Treehouse

Moon Men

Erik Doughty

Hi, Ms. Paley. This is Jimmy Chang, calling on behalf of my son, Kevin. It seems he never received Julie’s RSVP for his birthday. The party just ended, but what if I told you he planned his whole kickball-themed day around Julie being here, yet he is terrible at all things requiring foot-eye coordination—even walking? What if none of the other booger-snacking overbiters in attendance even mattered, because only your daughter gives his heart a brain freeze?

Kevin’s been courting Julie since third grade, keeping track of how many teeth she’s lost and her favorite crayon color, which is somewhere between Pumpkin and Snazzy Sunburst. From what I understand, he said “hi” to her once by accident.

Sure, Kevin is not the ideal fourth grade boyfriend. He doesn’t know the secret handshake or not to share his chicken nuggets with the class pet iguana. But that’s on me: me failing him, not the other way around. See, he has this “eject” button on his belt loop that he presses whenever he gets stuck inside someone else’s joke. It was cute at first, but knowing what I know now, it’s like who can I ask about this? What words do good parents keep in their pockets?

Sometimes, I take him out on the roof with a telescope and a cookie dough bucket; we talk about buying a condo on the moon after we sell our lucky stars. I tell him, “I don’t know how much those go for on craigslist.” He chews with understanding.

Then, we talk superpowers: telekinesis or teleportation, the pros and cons of secret identities. Kevin would change one of his arms into a bazooka that shoots pterodactyls made of fire into the sky where they breathe rainbows and poop clouds. I thought that was weird but totally badass.

This is how I know the kickball thing is about Julie, because with the right genetic mutation, Kevin would use mind control on her friends so they’d always pick her for their team; that way, her face would never get rainy underneath the playground slide. When he asks about my powers, I claim superhuman strength and an unbreakable heart.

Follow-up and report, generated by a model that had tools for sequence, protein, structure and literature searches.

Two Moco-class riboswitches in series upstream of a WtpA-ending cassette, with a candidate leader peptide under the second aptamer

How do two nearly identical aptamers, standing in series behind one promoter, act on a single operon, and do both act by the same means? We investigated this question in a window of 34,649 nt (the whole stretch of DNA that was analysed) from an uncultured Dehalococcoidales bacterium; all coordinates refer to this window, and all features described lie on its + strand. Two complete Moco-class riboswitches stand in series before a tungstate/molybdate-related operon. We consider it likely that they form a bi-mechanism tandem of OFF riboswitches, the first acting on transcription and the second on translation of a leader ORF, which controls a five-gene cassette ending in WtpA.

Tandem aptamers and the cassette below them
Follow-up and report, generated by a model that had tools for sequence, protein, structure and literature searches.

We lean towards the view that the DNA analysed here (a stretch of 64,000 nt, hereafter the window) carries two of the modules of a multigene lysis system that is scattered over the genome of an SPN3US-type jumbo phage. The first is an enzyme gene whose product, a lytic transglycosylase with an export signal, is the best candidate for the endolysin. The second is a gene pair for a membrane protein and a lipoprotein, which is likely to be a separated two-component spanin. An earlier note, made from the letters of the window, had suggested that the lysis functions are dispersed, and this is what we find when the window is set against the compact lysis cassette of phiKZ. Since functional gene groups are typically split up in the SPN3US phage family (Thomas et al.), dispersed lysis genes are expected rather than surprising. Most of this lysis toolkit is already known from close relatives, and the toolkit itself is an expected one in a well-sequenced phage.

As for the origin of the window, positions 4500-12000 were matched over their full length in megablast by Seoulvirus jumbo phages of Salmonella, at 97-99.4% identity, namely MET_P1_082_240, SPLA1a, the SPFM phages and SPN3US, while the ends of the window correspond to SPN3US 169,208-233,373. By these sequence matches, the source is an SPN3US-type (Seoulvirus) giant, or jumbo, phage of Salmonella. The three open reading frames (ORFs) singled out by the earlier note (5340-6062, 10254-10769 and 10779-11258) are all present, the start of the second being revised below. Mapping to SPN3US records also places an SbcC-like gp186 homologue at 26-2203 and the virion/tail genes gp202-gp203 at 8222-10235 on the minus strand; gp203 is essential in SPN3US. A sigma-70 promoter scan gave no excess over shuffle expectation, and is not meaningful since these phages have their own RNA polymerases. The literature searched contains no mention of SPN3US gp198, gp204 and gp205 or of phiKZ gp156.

Ms. Paley, our kids are at the best age right now—before middle school, which just plain sucks because everyone outgrows you and your corduroys overnight. In high school, they’ll never be appreciated in their own time, learning too young to text their prayers and autocorrect their love. One or the other’s marriage will end in divorce. And it nukes my gut to think I might not be around to tell him not to fight if his wife leaves the light on in empty rooms, skyrocketing the electricity bill. Because it’s worth it—all that light in your life.

For now though, they still scamper to us when we pick them up from school. It’s the tail end of the scampering era. And the way they look at us, as if we became everything we once saw in ourselves: that’s the closest we’ll come to stadium lights.

Now, I know it’s late, Ms. Paley, and Sunday nights are school nights too. But if you and Julie would consider stopping by, we still have a decorate-your-own-cupcake station. We have videogames and pizza bagels and Kevin is saving the good controller for her. And while they play, maybe we can talk about superpowers too: about TiVo’ing real life and living without commercial interruption—about turning any water fountain into a tap with your favorite beer. What if we could save up time like it was money, and blow it all on those rare perfect moments, stretching them out for decades? Like when a spring day gets lost in January and you’re driving with the windows down, your kid and his dog in the backseat with their heads out the window—ice cream on both their noses.


Erik Doughty is an Asian American writer living in Boston, whose work has been published in The Drum, Corium Magazine, and Annalemma, among others. He is almost a lawyer and carries a notebook, air guitar, and inhaler with him wherever he goes. More of his stories can be found at erikdoughty.wordpress.com.

See Erik’s list of 5 Things later this week in our ongoing contributors’ series.